Women, men and biblioblogging – the individual and the culture

Mark Goodacre’s comment on my last post combined with Colin Tofflemire’s on the first one made me realise that there is more that I want to say on this.

Mark is right that there are men biblibloggers who consciously and conscientiously link to the work of women. I have also had significant personal encouraging interaction from men bibliobloggers and my feeling is that this is on the basis of what I have to say, rather than on my gender. It is not possible to predict which might do this on the basis of their general theological position. Four that come to mind, with whom I’ve had interaction about my scholarship (as opposed to general friendly interaction -there are heaps more of these) are James McGrath, Tim Bulkeley , Mark himself, of course, and Mike Bird. I think that James is closest to my general theological position and Mike is furthest away. Certainly, if you look at the website of Highland Theological College, where he teaches, you would expect that he might have a bias against women leaders in the church, and he may well do, for all I know, but it doesn’t extend to not respecting the work of female biblical scholars on the basis of their gender.

Update

The other man I meant to mention in the list above is Tyler Williams who actively encouraged me to do a Biblical Studies Carnival. Hard work, it was, but interesting.

So, my experience has not been that nasty, evil, misogynist male bibliobloggers won’t let me into the club. Jim West even let me into the Biblioblogger Big Brother house (although I wasn’t quite certain I wanted to be there).  OTOH, April has certainly become a target and heard stories of this kind of activity since she raised this issue and I know that Suzanne McCarthy has been attacked and marginalized. Perhaps I have been relatively immune because I am working on Gospel of Thomas so the more conservative bibliobloggers would not bother to read me and I haven’t addressed controversial-in-conservative-Christianity areas until now. I don’t know. In general, the guys didn’t target me for their misogynist attacks when I was studying theology, either.

I am saying that the general culture in the church, particularly in those parts of it from which the majority of male bibliobloggers seem to come, is such that women don’t try to enter the club. This culture sees women’s leadership and women’s scholarship as inferior to men’s, and even those people who don’t actually believe this at an intellectual level often have unexamined assumptions that mean that their behaviour isn’t congruent with their beliefs (as Colin said). It’s approach to the Bible reinforces those attitudes, as does its liturgical practices and it sees humour at the expense of women as perfectly acceptable.

So, I think that a number of the contributing factors to the serious underrepresentation of women in the biblioblogosphere come from the church rather than the biblioblogosphere. Linking to women bibliobloggers and increasing awareness of the work of those who are doing it will help, but not a huge amount. Naming personal attacks and inappropriate treatment in the comments sections of their blogs when you see them will also help, although it will make men who do it vulnerable to being considered outsiders themselves. However, I think that there also needs to be some changes in churches.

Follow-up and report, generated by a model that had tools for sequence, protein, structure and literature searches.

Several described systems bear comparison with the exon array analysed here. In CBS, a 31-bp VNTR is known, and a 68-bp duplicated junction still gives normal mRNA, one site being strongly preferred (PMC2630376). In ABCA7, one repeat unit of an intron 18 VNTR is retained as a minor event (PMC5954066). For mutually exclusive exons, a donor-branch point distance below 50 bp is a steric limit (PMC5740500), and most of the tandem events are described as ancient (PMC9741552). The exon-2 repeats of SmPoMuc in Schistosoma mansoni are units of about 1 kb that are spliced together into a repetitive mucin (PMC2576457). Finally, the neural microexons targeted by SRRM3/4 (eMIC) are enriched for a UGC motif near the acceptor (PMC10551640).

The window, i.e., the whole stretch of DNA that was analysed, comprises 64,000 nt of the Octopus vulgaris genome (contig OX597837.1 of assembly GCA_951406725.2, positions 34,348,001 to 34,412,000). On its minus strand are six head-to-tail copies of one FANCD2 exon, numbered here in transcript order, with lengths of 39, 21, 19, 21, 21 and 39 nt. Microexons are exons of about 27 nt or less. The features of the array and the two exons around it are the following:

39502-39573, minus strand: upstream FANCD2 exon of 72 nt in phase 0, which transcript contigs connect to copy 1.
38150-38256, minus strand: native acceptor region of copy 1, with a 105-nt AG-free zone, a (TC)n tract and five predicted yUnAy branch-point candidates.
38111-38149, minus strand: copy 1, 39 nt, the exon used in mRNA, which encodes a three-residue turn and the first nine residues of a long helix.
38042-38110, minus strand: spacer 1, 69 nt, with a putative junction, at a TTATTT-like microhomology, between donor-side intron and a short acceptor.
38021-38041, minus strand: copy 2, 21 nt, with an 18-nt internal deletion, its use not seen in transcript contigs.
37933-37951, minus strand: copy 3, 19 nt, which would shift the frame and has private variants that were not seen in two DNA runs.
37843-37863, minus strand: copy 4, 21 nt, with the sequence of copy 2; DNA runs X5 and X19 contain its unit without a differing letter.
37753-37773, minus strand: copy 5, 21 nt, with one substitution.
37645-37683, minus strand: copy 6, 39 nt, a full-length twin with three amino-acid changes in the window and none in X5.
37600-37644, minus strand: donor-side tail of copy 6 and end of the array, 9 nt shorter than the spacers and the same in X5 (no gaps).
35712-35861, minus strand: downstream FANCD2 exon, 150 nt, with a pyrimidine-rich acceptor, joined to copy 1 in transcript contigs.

If you are a man who is actively involved in your church and think of yourself as egalitarian, I would encourage you to look at how you and your congregation act toward and interact with women and what messages your worship gives them about how acceptable they are. If you are a lay man and work outside the church, think about whether it’s different to the way you interact with your female colleagues in the workplace. If you are married, ask if the way you treat your wife in your home is different to the way she and other women are treated in the church. And then see if you can work out ways to change things if necessary.

Over the last century or so, the majority of members of congregations have been women, and a higher proportion of men than women have been relatively inactive, yet the majority of leaders have been men. When this was congruent with secular culture, it wasn’t such a problem.  However, now that the feminist movement has meant that women are treated significantly more equally in secular society, younger women are not going to be convinced that being involved in the church is such a good thing. If you can be CEO or in charge of the flower roster, which are you going to pick?

Women and worship

This is my third post on the general subject of why there are so few women bibliobloggers – as opposed to Christian women who blog – of whom there are many, many. My general thesis is that women are less inclined to blog on the Bible because the culture of the Christian church, especially the more “conservative” expressions of it, inculcates in them a feeling that their gender means that they have nothing worthwhile to say about biblical studies.